The great majority of sports fans never think about what happens behind the scenes at an event. They show up at a golf tournament, drink a cold Heineken, watch Tiger birdie the 18th and go home. But who made sure Tiger teed off on time, the Heinkens were cold, or the banner advertising the Heineken was in the appropriate position?
In other words, who’s keeping order?
Jill Royster, that’s who. She knows exactly how to run an event smoothly. And for Royster, it did begin on the links.
“I started working in the sports marketing industry at Advantage International (now Octagon International) in the events division,” Royster says. “I was hired to be the volunteer/hospitality coordinator for a couple of Advantage's key golf events, but I worked on all golf events in the division. I did everything from determining food menus to determining pro-am foursomes to determining how to hang sponsor banners on the greens. I learned a lot about golf, but more importantly, I learned what it takes to run an event.”
It’s one of those great skills that can’t be learned until you actually do it. Seriously, can a text book ever explain how to handle an overflow crowd if the tournament goes to an extra sudden death hole? What about handling a concession shortage during a rain delay? Again, any type of event with fans and sponsors needs sharp people to run the show.
Realizing Royster was one of those sharp people, the company moved her from golf over to sailing and bigger and better things.
“After a couple of years in the events group, I moved over to the properties division and worked on an international sailing tour,” she says. “What had been individual sailing events around the world became a worldwide tour with sponsors, prize money and a uniformed approach. My team developed the relationships with the events, sold and serviced the sponsors, and created all of the publicity and promotional materials for the tour.”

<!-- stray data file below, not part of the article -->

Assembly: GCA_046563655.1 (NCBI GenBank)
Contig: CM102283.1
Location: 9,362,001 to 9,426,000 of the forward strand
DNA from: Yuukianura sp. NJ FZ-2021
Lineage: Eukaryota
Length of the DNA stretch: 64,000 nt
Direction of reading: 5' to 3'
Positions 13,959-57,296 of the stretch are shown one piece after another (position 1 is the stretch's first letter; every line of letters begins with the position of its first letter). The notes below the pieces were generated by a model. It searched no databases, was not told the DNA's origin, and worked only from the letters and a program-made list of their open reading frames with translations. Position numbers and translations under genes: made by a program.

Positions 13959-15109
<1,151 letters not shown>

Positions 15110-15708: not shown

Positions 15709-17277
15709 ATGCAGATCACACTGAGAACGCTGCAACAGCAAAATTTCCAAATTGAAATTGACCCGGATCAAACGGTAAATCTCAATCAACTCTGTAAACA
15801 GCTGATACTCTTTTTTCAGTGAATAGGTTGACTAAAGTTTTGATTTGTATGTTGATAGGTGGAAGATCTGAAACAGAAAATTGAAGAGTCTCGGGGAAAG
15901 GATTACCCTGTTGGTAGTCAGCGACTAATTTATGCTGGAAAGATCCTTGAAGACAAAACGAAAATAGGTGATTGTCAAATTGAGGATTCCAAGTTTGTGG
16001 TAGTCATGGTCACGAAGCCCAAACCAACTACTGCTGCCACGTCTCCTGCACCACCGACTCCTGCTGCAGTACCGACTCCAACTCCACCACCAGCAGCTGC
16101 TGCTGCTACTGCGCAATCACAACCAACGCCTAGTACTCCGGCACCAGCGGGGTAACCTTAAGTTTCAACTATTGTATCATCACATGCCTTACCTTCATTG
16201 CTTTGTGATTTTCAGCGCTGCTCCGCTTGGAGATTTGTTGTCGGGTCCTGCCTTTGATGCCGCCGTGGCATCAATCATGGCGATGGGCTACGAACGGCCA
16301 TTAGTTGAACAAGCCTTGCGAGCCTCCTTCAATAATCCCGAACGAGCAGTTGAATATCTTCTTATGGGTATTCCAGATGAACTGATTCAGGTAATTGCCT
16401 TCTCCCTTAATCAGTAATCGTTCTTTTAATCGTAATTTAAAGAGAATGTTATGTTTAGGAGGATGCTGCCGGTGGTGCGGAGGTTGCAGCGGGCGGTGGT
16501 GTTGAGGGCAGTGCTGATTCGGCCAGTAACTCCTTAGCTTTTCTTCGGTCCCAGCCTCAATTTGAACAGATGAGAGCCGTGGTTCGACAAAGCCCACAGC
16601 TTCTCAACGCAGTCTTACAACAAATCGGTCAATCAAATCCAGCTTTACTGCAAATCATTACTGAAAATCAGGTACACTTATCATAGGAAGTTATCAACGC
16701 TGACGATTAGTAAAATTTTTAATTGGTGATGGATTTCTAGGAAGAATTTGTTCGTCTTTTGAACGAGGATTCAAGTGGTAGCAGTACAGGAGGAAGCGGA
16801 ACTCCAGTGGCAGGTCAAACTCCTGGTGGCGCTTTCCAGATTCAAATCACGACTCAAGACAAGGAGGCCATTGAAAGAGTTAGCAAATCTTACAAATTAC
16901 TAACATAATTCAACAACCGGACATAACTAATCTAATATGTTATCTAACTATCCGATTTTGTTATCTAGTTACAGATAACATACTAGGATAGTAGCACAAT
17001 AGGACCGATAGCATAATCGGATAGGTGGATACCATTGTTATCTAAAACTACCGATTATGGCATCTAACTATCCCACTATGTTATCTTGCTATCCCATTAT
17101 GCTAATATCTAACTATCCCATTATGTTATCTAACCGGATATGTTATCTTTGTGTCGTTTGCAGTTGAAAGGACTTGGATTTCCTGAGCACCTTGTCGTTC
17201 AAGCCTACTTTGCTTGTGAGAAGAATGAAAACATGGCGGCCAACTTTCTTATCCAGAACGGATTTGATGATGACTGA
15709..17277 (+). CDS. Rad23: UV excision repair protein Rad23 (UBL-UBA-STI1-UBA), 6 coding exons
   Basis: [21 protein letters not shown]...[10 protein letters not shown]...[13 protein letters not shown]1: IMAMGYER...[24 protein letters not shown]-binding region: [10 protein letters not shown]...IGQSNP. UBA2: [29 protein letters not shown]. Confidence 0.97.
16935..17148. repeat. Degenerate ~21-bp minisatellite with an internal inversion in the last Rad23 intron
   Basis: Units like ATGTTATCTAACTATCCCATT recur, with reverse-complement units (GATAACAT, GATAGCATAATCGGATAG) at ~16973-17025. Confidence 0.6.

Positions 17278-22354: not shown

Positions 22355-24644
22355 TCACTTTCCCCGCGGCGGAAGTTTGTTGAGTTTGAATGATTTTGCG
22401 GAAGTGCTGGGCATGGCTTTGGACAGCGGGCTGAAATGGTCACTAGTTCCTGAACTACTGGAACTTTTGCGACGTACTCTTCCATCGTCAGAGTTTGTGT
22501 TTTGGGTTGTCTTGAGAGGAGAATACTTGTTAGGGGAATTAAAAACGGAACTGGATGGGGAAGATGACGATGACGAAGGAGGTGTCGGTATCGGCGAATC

It was great hands-on experience, especially when you consider there was no tour before Royster got there. Thus, she got a chance to see how something was built from the ground up.
“The tour was built from scratch, and it was challenging because we wanted to uphold the individual flavor of the events while creating a worldwide tour overlay.”
One of the key things Royster learned in this particular endeavor was the importance of flexibility.
“It was truly a joint effort amongst the tour staff, the events and the sponsors. The ability to customize, be flexible and listen to all of the partners was essential in building the tour.”
From the sailing tour, she then anchored at the biggest name in sports journalism.
“I moved to Sports Illustrated in February 2001 to work in the Sports Marketing Group. The department was solely responsible for accessing sponsorship, hospitality and merchandising programs for the magazine's advertisers.”
Since that time, Royster has rolled with the publication’s slight changes--and even thrived.
“The landscape of the magazine has evolved since I started, and SI is now developing brand-specific initiatives in addition to establishing third party relationships. I'm currently overseeing the Sports Properties Group that includes SI's 50th Anniversary Tour and the Sports Illustrated Swimsuit Model Search. It's an exciting step for the magazine, and we're going to be careful to stay on strategy and keep SI's core assets in mind.”
In order to balance all those tasks, it helps to have an extensive background like Royster. That way she’s able to handle “everything from research, to power point, to selling, to sponsor-servicing, to setting up on-site display areas, to working in display booths. It's a mixed bag of responsibilities, but it keeps things interesting.”
Royster says the classic line about expecting the unexpected is true at SI.
“Expect anything,” she says. “You need to be able to work hard, prioritize and be passionate about your job as no day is ever the same.”
In terms of advice, what would she say to somebody looking to enter the sports industry? “Get as much sports-related experience as you can and lose the ego. Sports
marketing is glamorous, but it's a business, just like finance or health-care or politics. We don't throw the ball down the hallway at the office, we think about what we can do to keep people interested in throwing the ball. Do an internship, get involved with as many projects as you can, volunteer to work weekends, network and be proud of the salary that's pennies compared to your investment banking friends. Sports are a thriving business, and if you prove that you've got the passion, you too can thrive in the business of sports marketing.”